White Blindness

Hola mi Gente,
Yesterday, Hillary Clinton, who has never supported the $15 per hour wage movement, used one the movement’s biggest victories as a photo op. No shame whatsoever.

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04-05-16_ White Blindness

Blindness

Just because a man lacks the use of his eyes doesn’t mean he lacks vision.
— Steveland Wonder

 

Some of my readers will recognize the title of today’s essay, which is lifted from Blindness, a novel by Portuguese author José Saramago. The novel was made into a film (click here) that was released a few years ago. Blindness is the story of a city hit by an epidemic of “white blindness” that spares no one. Authorities round up the blind and incarcerate them in an empty mental hospital, where a criminal element holds everyone captive, stealing food rations, and assaulting women. The story is a brilliant allegory of the loss of the ability to envision and confusion, and a stunning revelation of the horrors of the modern world. However, while Blindness captures the reader with its commanding rendering of humankind’s worst appetites and weaknesses, it’s also an exposition on humankind’s ultimately indomitable spirit.

Sounds like an election year to me! LOL!

My topic today is difficult to explain, though it is certainly something with which we are all familiar. The difficulty lies in the fact that it’s so obvious. There are, it seems to me, vast swaths of our lives that are missing from our awareness. We share a similar experience with the characters in Blindness: we all suffer from blind spots, literally and figuratively. The difference being that our blindness isn’t caused by an unknown plague, but is due internally to causes deep within our consciousness and externally by a vast media apparatus that manufactures consent. Our failure to experience fully crucial aspects of our reality results in gaps in the beam of awareness that defines our world from moment to moment.

My topic then is how we do not notice. In other words, my topic is about the pieces missing from our awareness – the holes in the fabric of our attention.

I’ve always been fascinated by the physical blind spot. I find it an apt metaphor for our inability to see things as they are in reality. In physiology, the blind spot is the gap in our field of vision that results from the way the eye is constructed. At the back of each eyeball is a point where the optic nerve, which runs to the brain, attaches to the retina. The point lacks the cells that register light coming into the eye. Therefore, at this one point there is a gap in the information transmitted to the brain. The blind spot registers nothing.

Usually, what is missed by one eye is compensated for by overlapping vision in the other. That’s why we don’t notice our blind spots. But when one eye is closed, the blind spot emerges. Seeing the blind spot is fascinating to me because it offered a concrete example of a more psychological parallel. As an example, many adults of alcoholics relate that in their families there were clear “rules.” One being that there is nothing wrong and the other was “Don’t tell anyone.” Families in the grips of addiction are extremely secretive; no one must talk of the monster that lurks in full view. These tacit rules teach us something — it teaches us to create a psychological blind spot. Moreover, it’s not just families of alcoholics, I sense that there are many things kept hidden in families — the shameful secrets, the unspoken failures.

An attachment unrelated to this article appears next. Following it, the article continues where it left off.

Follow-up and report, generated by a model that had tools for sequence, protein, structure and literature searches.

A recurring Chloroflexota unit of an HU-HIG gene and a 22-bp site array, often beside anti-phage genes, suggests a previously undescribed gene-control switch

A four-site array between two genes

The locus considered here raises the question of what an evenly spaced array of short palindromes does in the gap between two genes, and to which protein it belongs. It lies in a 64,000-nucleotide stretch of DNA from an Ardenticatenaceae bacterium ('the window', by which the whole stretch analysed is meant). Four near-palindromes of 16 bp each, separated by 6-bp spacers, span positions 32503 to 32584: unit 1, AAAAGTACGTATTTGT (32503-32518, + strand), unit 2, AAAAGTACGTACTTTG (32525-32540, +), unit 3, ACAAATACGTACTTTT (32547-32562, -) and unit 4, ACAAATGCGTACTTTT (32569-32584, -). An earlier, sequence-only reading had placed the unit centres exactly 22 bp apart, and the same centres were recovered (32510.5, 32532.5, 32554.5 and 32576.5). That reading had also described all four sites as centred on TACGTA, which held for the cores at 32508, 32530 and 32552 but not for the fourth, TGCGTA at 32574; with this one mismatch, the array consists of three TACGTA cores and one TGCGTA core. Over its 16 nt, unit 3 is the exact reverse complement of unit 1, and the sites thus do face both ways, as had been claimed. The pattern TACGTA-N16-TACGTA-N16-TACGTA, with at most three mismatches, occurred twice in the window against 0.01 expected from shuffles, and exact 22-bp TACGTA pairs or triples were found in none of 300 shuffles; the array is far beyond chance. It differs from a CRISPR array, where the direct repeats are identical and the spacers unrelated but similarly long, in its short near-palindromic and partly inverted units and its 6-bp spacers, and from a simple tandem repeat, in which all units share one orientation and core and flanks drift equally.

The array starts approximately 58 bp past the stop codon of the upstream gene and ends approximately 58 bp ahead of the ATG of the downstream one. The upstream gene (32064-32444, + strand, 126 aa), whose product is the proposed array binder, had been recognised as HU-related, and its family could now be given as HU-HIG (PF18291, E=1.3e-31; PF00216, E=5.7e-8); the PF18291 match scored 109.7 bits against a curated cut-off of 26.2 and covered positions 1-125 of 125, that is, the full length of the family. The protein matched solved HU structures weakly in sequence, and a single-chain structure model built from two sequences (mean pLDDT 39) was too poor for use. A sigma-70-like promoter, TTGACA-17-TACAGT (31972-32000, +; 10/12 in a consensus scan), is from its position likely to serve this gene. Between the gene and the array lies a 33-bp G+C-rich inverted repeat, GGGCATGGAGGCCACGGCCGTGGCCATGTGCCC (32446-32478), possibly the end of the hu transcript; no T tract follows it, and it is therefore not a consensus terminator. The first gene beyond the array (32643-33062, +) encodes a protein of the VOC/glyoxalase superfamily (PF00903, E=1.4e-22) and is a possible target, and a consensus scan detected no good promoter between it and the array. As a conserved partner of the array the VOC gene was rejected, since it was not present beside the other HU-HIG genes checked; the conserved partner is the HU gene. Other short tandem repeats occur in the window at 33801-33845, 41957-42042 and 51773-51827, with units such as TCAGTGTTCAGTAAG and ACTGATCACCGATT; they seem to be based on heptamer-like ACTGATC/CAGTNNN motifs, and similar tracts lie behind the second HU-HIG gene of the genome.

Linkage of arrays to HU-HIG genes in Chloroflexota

In some ways, this type of blindness is a defense mechanism. Our psyches need protection from the full onslaught of a cruel reality. This form of personal self-deception helps defend us from unnecessary trauma or psychological pain. However, when it becomes a societal pattern it serves to blind us to inequality and social injustice.

One of the cruelties we inflict upon ourselves as a society is by limiting the boundaries of the possible. In a society in which the media is controlled by perhaps four or five corporations, the national dialog is seen mostly through the prism of capitalism. Anything beneficial to corporations is deemed possible and good, but benefits to the 99% of the population, issues such as free higher education or healthcare as a human right, are seen as ideological nonsense — or “unicorns and rainbows” as supporters of neoliberal candidate, Hillary Clinton, like to put it.

As I look around these days, I see much in the way of blindness. We all welcome blindness: we don’t want to face the harsh realities of a politics bought and paid for by the power elite, so we turn our attention away and buy things or watch “reality” shows on television. We don’t like the tension of political reality, so we step away and ignore those inner tensions that exist anyway. Unfortunately, those tensions don’t go away, they fester in our bodies and we either try to feed them (obesity) or starve them (anorexia), but try as we might, the plague of blindness persists.

Not all dialogs are pleasant, or even polite. However, dialog we must if we’re going to emerge from our collective blindness. We must awaken to a coherent vision of the kind of society we desire or condemn ourselves to stumble in our blindness as slaves in a society created by those who would rob us of our very humanity.

My name is Eddie and I’m in recovery from civilization…

 

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